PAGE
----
It is natural for any profession to wish to look back with pride on a long and distinguished past. Marketing is no exception. So it was with great excitement that news broke of “one of the earliest examples of the marketing man’s craft ever unearthed in Britain”. A fragment of a first century earthenware jar found in an archaeological dig in Cumbria had attached the remains of clay labels reading “tunny fish relish from Tangiers, old”, “for the larder”, “excellent” and “top quality” written in sooty ink.
Martin Allfrey, of English Heritage, said: “This was imported specially and would have belonged to someone of quite high rank. This is incredibly rare for Britain.” The relish was made from chopped fish, which were salted and fermented in their own juices. They were mixed with wine and herbs and used as the basis of many dishes. The label was attached to part of a large storage jar found outside the commanding officer’s house at the Roman fort in Carlisle. The writing was well preserved because the ground was waterlogged.
So we now know that marketing was an accepted part of life 2,000 years ago. There are, however, reasons to believe its influence goes back much further, as the following fragment of unrecorded history suggests.
Picture, if you will, a blighted hillside in Cumbria. The rain sweeps across horizontally. The sky, the hills and the rocks blend in a spectrum from grey to black. A mud-caked sheep gazes balefully on. A caveman drags himself home from the hunt, empty-handed. He is, however, pleased. Newly emblazoned across his chest is what looks like a mystic rune. Ash-flecked smoke seeps from within the rocky crevice. It bears the familiar aroma of stewed mastodon.
Inside, looking out, is the caveman’s mate. Or, as we would now call her, partner. Startled, she breaks off in mid-pluck from de-lousing the tangled hair of her navel, peers through the miasma with her good eye, softly blows her nose on the back of her hand and speaks. “What’s that?” she says. “That thing on your front, in between your dugs.”
“Oh, that,” he says with a sheepish grin that might pass for winsome were it to comprise more than one tooth. “That’s woad.”
“I know it’s woad,” she says testily. “But what’s it for? And what’s it doing all over where your vest should be? That vest took some catching, I can tell you, never mind skinning. Tricky things, tom cats.”
“It’s writing. It’s the coming thing. Where it’s at.” He adds: “With writing you can draw a bison on the sitting room wall in the style of Matisse, and – listen to this – autograph it, adding millions to its value.”
“Millions of what?”
His narrow brow furrows, and, owing to the haphazard workings of evolution yet to kick in, takes some time to un-furrow. “Never you mind what. Just millions.”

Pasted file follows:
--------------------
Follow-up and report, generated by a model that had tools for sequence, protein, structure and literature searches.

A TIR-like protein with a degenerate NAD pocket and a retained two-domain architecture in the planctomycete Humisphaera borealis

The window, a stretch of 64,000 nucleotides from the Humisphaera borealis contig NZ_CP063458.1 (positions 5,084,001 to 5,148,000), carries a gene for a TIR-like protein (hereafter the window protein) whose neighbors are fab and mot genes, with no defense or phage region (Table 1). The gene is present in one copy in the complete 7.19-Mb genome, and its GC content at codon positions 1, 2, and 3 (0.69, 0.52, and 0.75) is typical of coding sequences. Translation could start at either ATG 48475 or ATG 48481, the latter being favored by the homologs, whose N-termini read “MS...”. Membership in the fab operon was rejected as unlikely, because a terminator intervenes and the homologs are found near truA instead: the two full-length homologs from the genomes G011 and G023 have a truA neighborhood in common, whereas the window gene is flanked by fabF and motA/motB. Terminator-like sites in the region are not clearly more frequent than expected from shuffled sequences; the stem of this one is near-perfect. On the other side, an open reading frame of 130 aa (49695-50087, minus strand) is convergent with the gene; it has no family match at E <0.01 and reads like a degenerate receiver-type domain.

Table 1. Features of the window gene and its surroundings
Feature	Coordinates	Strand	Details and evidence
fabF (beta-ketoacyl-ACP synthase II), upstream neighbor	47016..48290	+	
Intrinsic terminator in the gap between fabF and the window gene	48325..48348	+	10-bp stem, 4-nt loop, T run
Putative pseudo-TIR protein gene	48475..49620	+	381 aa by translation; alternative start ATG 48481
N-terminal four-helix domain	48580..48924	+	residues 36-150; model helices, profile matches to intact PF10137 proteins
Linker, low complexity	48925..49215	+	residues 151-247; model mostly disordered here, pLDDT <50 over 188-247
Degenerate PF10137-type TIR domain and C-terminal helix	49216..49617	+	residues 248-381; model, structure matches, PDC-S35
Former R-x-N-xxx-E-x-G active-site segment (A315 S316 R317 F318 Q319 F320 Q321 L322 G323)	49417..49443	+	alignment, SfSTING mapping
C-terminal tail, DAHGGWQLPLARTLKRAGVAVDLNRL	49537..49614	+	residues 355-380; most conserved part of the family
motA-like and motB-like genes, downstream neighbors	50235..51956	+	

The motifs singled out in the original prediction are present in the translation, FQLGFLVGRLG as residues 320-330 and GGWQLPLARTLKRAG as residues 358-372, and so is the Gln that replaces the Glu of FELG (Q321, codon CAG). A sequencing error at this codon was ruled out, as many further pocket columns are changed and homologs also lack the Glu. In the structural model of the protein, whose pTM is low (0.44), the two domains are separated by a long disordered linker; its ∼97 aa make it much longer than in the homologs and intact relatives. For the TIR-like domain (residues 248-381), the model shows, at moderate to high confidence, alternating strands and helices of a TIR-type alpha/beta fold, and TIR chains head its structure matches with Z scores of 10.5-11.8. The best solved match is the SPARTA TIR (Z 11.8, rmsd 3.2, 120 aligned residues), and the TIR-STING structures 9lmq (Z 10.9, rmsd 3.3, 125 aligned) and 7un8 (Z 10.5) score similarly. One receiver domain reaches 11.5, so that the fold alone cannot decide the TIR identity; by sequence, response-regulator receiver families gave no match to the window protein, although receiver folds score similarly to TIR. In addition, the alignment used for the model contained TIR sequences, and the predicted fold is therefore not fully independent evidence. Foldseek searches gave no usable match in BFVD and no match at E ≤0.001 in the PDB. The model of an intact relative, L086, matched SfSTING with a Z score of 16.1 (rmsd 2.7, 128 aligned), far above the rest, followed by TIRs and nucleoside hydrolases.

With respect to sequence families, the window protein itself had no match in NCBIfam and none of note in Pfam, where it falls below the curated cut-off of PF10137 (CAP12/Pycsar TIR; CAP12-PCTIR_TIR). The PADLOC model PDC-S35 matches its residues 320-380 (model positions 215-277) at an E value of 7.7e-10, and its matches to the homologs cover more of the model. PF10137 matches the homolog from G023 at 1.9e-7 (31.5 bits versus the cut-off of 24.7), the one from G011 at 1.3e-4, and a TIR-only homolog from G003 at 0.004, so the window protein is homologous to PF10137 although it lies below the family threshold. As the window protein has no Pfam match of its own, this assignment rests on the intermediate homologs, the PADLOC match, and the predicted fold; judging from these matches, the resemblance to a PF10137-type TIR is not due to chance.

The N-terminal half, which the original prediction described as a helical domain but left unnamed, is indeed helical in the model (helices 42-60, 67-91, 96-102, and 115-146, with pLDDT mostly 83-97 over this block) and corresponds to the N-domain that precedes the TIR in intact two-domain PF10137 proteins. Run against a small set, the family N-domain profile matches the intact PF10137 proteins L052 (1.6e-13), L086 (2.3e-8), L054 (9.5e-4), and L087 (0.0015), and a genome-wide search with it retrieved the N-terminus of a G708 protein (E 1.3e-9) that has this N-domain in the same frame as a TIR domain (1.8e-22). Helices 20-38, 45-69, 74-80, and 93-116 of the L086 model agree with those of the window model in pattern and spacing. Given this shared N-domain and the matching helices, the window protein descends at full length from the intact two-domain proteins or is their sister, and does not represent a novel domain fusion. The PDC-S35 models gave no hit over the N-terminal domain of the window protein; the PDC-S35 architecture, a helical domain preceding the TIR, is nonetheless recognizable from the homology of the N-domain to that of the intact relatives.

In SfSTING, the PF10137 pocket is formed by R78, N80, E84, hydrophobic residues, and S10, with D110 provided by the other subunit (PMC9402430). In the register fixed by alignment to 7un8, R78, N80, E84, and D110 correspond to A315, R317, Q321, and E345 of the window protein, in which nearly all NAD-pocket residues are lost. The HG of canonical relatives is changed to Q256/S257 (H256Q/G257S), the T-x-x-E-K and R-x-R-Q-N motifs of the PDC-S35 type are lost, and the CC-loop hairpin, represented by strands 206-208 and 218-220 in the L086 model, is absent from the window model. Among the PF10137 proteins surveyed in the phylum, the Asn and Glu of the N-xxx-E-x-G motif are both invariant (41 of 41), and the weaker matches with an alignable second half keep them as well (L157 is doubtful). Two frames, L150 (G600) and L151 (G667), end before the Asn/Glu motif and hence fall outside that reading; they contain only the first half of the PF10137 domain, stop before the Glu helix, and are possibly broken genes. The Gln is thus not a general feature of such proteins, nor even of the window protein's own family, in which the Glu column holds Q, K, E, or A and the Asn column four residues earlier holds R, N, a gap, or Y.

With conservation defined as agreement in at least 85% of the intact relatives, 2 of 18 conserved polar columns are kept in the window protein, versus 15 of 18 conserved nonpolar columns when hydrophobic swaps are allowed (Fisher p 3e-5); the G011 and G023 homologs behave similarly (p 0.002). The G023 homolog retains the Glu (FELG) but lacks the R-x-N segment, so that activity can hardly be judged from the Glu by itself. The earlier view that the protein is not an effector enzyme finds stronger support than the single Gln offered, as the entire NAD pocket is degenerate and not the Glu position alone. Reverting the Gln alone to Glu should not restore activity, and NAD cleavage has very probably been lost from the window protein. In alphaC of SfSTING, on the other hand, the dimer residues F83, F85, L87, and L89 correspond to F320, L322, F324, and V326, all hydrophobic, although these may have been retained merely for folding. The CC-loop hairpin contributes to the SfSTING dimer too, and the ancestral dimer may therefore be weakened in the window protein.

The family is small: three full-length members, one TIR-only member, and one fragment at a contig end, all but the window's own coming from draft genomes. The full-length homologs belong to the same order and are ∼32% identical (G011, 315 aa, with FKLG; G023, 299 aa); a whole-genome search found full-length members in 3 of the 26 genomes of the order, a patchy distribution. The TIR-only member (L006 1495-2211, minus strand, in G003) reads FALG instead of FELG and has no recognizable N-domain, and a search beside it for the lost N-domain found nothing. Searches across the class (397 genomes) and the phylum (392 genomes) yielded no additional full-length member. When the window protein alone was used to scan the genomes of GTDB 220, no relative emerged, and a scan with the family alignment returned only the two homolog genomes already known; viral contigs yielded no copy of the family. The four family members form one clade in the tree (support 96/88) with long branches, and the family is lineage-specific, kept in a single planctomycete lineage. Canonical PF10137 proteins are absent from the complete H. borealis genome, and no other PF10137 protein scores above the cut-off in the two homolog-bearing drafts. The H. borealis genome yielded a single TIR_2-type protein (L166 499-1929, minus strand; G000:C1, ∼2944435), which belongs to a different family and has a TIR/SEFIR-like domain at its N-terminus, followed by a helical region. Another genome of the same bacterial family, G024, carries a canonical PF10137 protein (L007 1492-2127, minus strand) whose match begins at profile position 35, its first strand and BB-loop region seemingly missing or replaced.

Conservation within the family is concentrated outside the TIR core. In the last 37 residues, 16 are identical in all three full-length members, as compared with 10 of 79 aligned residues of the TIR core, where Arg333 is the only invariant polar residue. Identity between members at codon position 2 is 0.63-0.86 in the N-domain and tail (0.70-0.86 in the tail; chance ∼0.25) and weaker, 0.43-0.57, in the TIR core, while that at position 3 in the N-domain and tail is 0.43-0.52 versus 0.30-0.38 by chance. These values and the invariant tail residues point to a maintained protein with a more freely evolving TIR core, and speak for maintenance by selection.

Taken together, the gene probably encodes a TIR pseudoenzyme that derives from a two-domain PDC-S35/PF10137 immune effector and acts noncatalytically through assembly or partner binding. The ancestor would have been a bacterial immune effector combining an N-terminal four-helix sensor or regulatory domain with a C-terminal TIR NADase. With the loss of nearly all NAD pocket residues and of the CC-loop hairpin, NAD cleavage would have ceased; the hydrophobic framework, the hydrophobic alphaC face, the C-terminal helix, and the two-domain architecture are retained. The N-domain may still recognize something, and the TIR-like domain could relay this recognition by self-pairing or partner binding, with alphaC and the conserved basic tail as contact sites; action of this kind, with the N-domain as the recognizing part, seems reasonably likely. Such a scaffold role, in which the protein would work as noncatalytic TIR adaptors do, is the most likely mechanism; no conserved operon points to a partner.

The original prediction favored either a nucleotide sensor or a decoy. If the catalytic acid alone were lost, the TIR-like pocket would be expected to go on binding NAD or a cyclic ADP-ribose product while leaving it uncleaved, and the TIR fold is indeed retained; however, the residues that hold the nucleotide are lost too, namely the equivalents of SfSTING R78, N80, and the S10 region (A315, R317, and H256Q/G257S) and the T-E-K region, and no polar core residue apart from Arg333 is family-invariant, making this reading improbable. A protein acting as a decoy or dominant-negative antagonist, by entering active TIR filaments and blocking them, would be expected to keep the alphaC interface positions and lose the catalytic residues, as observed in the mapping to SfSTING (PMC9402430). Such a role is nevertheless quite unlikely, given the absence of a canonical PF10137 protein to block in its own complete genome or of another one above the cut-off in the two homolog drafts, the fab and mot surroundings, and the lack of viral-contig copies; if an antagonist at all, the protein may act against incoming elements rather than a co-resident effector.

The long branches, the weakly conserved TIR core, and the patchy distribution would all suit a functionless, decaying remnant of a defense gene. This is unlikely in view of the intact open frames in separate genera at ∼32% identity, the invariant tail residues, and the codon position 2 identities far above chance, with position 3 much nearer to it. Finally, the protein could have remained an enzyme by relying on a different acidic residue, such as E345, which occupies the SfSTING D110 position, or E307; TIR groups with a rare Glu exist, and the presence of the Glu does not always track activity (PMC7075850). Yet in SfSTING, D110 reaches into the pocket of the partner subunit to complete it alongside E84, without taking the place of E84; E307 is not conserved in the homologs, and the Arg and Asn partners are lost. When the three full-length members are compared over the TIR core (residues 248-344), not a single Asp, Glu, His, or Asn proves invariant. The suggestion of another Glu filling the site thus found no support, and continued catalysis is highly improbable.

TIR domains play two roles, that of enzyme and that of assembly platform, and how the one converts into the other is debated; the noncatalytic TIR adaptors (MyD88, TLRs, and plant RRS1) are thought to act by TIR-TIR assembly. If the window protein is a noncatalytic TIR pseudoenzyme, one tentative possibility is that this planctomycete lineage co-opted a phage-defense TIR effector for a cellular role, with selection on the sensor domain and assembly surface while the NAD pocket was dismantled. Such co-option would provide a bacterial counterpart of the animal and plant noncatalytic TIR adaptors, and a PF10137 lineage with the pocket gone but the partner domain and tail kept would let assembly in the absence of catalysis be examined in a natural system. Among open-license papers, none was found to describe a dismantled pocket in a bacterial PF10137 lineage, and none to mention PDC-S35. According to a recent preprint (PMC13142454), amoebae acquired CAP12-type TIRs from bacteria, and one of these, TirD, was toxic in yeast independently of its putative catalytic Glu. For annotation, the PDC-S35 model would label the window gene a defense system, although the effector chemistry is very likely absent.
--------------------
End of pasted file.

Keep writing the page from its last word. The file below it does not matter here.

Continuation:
“OK, so what does it say? The writing. Where you’re vest formerly was.”
A triumphant smile plays across his prognathous face. “It says F U C K.”
She stares at him for a long time. “Charming,” she says, looking down her nose and distractedly flicking a flea from her thigh.
“It’s a logo,” he says patiently. “It’s all the rage. It gives you street cred. It’s cool.”
She stares at him for a longer time. “We haven’t got any streets.”
“Listen,” he says, “10,000 years from now everyone will want a logo. You won’t be able to throw an ass’s jaw without hitting a dude with a logo on his dugs.”
“Don’t be so bloody silly, ” she says. “And another thing. What’s Matisse?”
So marketing predates the Roman age. The techniques, however, are remarkably un-changed. Take the consignment of tunny fish.
Picture, if you will, old Tangiers circa 1AD. The sun beats down from a pitiless sky. A fetid haze rises from the rotting wicker baskets on the baking quayside. Catching the smell, a passing cat freezes, sniffs, starts, arches its back, and flees.
Sitting cross-legged by the baskets is the export merchant Ali Mukhtari. Beside him is his young assistant Yousef. Cautiously, Ali bends forward and sniffs the contents of the assignment. He turns away, eyes watering, windpipe blocked. Regaining the power of speech he wheezes: “Mature, with a good nose, an intriguing depth of flavour, and a charming piquancy.”
“That lot’s off,” says Yousef. “I told you that catfish offal wouldn’t keep. Not in this weather. Just look at those bluebottles.”
“Capers,” corrects Ali. “They’re a kind of spice.”
“I know bluebottles when I see them. Especially asphyxiated ones. I reckon the stench did for them.”
“Nonsense. Fetch me those earthenware jugs, clay labels and sooty ink.”
He dips in the pen and begins to write. “Tunny fish relish from Tangiers, old…”
So now, if he’s interested, English Heritage’s Allfrey knows why the jug was found in waterlogged ground outside the commanding officer’s house at the Roman fort in Carlisle. And why the Romans left Britain in a hurry.